Michael Bryan (art historian)

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Portrait of Michael Bryan (Engraved by William Haines after Alexander Pope)
A Biographical and Critical Dictionary of painters and engravers, Volume II, 1816

Michael Bryan (9 April 1757 – 21 March 1821) was an English art historian, art dealer and connoisseur. He was involved in the purchase and resale of the great French Orleans Collection of art selling it on to a British syndicate, and owned a fashionable art gallery in Savile Row, London. His book, "Biographical and Critical Dictionary of Painters and Engravers", was a standard reference work throughout the 19th century, and was last republished in 1920; however it is now badly outdated.

Life and work[edit]

Bryan was born in Newcastle upon Tyne, Northumberland (now Tyne and Wear), and educated at the Royal Grammar School under Dr. Moyce. He travelled to London in 1781, then to Flanders with his eldest brother, where he lived from 1782 to 1790, possibly having some connection with the cloth trade, but also building up his art historical knowledge. In June 1784, he married Juliana Talbot (1759–1801),[1] the sister of Charles Talbot, the 15th Earl of Shrewsbury, which gained him valuable aristocratic social connections.[2][3][4]

Bryan moved back to London in 1790 establishing himself as an authority and dealer in Fine Art.[5] In 1793 or 1794, he again went to the continent in search of fine pictures. Among other places he visited Holland, and remained there until an order arrived from the French government to stop all English citizens then resident there. He was, amongst many others, detained at Rotterdam. It was here that he met Jean-Joseph de Laborde who, in 1798, sought his advice and assistance in disposing of the Italian part of the famous private "Orleans Collection" of art which he had acquired. Bryan, in effect, became a middleman for the purchase, and contacted the Duke of Bridgewater, who authorised him to open negotiations. After three weeks, a syndicate consisting of the Duke of Bridgewater, Marquis of Stafford, then Lord Gower, and the Earl of Carlisle, became the purchasers of the collection from Bryan, at a price of £43,500.[6] The collection was displayed in Bryan's private art gallery in Pall Mall, London, as well as at The Lyceum in the Strand.[4][7]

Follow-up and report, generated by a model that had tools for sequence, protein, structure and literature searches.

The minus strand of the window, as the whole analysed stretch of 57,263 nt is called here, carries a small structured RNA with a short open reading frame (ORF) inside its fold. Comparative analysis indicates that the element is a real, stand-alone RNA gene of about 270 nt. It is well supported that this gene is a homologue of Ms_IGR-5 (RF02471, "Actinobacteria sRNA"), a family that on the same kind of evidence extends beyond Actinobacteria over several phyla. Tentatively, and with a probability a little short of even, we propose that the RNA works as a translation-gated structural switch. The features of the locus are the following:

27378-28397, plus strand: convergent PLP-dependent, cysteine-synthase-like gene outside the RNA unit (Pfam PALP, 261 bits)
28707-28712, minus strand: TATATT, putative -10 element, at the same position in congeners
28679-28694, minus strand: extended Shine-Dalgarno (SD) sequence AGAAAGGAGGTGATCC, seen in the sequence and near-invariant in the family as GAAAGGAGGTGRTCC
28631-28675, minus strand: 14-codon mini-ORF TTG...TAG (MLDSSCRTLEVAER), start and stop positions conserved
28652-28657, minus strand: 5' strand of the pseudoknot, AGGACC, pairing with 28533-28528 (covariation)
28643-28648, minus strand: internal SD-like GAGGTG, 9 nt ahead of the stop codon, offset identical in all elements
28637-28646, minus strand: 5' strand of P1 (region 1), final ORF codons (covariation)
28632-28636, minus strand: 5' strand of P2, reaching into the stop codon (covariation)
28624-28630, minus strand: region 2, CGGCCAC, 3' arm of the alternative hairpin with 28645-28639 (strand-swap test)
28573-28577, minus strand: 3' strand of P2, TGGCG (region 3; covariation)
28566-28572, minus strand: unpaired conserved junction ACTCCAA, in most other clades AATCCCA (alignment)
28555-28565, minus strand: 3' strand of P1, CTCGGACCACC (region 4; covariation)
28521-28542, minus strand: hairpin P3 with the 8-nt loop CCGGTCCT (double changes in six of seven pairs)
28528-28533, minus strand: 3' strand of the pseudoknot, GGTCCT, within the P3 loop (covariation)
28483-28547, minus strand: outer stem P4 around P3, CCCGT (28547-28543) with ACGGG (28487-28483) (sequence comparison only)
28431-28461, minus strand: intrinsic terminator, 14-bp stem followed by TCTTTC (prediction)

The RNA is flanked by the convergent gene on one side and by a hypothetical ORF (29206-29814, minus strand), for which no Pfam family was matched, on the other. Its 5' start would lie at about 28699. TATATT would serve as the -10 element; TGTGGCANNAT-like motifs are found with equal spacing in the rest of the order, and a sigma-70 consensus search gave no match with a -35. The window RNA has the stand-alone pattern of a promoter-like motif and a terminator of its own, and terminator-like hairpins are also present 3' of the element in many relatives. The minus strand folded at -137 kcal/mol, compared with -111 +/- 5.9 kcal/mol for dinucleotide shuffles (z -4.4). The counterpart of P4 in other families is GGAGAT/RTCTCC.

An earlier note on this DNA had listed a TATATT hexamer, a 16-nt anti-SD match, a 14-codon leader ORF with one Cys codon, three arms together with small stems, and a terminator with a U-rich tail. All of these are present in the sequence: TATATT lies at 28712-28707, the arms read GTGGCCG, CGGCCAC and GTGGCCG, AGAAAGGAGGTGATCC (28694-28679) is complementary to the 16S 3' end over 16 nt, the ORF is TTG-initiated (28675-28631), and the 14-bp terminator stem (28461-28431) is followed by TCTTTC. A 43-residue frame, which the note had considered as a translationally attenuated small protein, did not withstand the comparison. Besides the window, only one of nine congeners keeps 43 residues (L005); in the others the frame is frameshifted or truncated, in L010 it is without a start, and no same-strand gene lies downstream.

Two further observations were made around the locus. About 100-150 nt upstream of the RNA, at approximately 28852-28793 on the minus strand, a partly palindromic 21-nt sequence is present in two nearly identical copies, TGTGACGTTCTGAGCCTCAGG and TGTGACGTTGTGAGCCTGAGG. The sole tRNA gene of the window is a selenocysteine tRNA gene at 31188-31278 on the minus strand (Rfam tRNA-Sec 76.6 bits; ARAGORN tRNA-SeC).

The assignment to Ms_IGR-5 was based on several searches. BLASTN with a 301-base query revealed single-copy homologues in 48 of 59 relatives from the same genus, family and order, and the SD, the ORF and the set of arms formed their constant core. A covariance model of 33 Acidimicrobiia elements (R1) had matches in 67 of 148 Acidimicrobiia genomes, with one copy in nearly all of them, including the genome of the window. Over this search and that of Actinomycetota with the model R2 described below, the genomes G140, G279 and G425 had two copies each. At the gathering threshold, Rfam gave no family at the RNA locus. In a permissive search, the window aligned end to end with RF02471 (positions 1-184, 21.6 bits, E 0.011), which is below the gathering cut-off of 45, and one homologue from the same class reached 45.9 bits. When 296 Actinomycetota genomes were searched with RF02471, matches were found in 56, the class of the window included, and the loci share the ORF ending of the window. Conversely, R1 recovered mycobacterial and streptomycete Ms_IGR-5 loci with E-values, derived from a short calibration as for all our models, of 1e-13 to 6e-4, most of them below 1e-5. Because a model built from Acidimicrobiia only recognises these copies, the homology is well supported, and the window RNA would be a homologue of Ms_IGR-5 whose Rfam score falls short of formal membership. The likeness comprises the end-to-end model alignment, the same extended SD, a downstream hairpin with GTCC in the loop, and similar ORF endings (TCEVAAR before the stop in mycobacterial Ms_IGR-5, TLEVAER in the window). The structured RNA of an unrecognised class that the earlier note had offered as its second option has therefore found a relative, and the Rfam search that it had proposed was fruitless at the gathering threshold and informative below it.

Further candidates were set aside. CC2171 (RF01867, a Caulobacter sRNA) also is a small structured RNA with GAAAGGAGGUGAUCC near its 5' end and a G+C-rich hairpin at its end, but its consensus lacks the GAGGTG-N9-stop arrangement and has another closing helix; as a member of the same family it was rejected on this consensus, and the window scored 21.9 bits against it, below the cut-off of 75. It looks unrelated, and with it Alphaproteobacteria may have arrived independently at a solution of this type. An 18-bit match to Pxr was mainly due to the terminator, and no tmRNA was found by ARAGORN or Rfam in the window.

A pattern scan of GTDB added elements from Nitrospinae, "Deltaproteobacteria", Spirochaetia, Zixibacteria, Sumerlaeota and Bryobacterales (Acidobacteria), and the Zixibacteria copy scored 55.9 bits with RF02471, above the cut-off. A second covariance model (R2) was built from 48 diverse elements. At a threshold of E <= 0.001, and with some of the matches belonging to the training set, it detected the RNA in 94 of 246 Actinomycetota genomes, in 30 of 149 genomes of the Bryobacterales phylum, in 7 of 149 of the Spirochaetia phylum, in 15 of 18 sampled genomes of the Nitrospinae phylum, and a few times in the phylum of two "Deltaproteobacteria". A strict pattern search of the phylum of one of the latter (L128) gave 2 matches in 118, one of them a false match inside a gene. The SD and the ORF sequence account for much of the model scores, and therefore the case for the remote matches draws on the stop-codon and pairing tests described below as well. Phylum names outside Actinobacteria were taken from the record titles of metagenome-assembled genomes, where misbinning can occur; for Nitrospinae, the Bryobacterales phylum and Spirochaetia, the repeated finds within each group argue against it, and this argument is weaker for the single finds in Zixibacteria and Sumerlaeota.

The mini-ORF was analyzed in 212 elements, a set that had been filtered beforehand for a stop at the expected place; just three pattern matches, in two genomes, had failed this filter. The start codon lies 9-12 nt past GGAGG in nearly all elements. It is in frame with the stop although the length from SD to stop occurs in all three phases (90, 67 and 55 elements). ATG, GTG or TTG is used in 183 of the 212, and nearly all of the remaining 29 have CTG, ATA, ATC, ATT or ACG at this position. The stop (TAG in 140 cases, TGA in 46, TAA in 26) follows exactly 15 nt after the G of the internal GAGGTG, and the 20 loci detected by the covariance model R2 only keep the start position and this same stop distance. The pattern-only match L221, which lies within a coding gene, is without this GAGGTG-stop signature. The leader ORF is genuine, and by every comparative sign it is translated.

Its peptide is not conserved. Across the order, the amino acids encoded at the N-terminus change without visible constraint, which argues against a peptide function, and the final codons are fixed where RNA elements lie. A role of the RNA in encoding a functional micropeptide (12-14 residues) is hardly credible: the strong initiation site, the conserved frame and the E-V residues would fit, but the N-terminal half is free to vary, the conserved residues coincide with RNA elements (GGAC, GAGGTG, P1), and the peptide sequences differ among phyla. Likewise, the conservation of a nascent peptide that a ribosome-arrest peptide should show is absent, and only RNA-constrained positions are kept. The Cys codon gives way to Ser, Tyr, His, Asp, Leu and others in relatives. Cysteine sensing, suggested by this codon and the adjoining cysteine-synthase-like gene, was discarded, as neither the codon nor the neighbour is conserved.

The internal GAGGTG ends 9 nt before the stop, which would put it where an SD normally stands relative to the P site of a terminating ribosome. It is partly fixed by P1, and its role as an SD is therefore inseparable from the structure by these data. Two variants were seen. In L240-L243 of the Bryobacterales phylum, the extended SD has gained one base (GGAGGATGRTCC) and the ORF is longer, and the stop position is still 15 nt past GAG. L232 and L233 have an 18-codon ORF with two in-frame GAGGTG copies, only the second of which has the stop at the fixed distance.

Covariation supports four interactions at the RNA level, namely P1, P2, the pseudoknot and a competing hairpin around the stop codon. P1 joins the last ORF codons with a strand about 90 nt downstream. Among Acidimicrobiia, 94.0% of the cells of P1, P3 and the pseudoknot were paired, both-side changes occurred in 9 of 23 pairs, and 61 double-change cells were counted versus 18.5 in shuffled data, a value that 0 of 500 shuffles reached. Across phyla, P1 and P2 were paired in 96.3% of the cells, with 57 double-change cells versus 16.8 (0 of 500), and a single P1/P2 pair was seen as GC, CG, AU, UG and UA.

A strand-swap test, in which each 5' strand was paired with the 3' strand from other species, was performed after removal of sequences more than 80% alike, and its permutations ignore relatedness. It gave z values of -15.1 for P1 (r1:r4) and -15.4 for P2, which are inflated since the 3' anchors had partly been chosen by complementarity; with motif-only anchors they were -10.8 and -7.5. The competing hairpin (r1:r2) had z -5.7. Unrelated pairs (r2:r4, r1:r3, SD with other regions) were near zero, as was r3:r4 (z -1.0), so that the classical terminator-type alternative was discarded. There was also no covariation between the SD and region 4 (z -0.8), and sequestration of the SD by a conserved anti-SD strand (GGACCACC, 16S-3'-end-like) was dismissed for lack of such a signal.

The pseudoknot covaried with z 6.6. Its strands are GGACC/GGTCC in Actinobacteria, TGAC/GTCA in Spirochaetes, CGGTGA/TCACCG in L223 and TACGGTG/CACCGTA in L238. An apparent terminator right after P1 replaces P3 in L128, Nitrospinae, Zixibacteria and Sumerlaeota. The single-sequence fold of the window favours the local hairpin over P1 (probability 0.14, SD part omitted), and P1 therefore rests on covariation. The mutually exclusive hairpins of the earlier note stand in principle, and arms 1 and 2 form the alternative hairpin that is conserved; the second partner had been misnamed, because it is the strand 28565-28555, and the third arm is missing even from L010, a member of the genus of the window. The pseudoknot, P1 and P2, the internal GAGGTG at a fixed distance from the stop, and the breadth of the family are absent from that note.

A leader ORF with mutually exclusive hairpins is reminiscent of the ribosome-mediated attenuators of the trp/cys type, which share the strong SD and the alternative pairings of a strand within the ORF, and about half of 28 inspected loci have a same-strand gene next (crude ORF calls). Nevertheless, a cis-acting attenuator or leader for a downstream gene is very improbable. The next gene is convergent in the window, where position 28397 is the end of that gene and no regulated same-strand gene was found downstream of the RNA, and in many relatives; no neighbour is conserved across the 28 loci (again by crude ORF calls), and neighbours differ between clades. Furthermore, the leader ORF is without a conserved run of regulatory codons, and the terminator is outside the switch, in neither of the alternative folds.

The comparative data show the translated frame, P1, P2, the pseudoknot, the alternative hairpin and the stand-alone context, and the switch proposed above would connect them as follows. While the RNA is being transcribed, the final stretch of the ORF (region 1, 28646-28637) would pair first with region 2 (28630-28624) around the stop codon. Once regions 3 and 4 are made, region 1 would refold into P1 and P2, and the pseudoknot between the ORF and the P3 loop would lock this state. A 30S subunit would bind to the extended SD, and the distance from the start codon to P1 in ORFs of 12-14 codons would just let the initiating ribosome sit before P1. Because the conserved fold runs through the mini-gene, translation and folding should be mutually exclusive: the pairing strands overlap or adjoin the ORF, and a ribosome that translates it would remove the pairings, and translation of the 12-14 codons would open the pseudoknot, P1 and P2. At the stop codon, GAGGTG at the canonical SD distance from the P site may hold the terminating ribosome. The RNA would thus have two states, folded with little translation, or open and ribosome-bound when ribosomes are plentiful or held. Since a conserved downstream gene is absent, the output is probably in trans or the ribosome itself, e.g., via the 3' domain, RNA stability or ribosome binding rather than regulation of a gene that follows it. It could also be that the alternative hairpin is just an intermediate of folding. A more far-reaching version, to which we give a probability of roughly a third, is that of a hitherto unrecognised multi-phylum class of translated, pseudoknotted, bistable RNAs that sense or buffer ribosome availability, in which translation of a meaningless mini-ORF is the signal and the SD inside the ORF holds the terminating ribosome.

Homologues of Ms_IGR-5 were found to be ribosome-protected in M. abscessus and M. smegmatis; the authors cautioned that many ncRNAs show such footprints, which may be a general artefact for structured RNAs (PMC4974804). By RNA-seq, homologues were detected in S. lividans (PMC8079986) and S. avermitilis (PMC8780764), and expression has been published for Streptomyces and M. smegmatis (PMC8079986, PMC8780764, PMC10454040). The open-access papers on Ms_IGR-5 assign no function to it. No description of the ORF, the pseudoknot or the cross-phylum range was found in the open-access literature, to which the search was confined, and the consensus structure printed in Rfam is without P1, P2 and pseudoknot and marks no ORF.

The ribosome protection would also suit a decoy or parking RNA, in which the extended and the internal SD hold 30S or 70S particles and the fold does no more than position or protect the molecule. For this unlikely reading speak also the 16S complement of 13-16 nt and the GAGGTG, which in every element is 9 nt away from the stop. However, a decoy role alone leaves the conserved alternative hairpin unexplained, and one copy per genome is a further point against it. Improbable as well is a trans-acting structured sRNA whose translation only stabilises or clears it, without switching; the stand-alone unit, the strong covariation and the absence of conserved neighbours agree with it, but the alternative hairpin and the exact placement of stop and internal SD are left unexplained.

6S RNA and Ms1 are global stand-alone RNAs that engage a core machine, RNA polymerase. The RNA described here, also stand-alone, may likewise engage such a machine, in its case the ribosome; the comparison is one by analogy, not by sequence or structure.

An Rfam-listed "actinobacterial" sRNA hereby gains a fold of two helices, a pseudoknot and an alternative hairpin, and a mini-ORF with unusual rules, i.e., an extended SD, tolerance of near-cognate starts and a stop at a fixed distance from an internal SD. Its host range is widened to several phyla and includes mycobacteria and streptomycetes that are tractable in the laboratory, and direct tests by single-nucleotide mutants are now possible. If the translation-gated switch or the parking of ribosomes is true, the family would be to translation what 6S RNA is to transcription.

In 1801 Bryan obtained, through the Duke of Bridgewater, the king's permission to visit Paris in order to purchase art from the cabinet of Monsieur Robit to bring back to England. Among other fine pictures, he returned with two by the baroque Spanish artist Murillo - "The infant Christ as the Good Shepherd",[8] and "The infant St. John with the lamb".[4][9]

In 1804 Bryan retired from the art world, and settled at his brother's home in Yorkshire, where he remained until 1811. In 1812 Bryan again visited London, and commenced writing his "magnum opus" - the "Biographical and Critical Dictionary of Painters and Engravers" in 2 volumes. The first part appeared in May 1813, and concluded in 1816. He owned a gallery in London's Savile Row, which became a fashionable gathering place for artists and their patrons.[5] In 1818 he became involved with some speculative art purchases which proved a failure.[4]

On 14 February 1821, Bryan suffered a severe paralytic stroke, dying at Portman Square, London on 21 March of the same year.[4]

Bibliography[edit]

  • Bryan's dictionary of painters and engravers ( London (George Bell & Sons), Cambridge (Deighton, Bell & Co), New York (The Macmillan Co) and Bombay (A. H. Wheeler & Co) Edition of 1903 - 1905:
Volume 1 (A to C) 1903
Volume 2 (D to G)
Volume 3 (H to M)
Volume 4 (N to R)
Volume 5 (S to Z) 1905

References[edit]

External links[edit]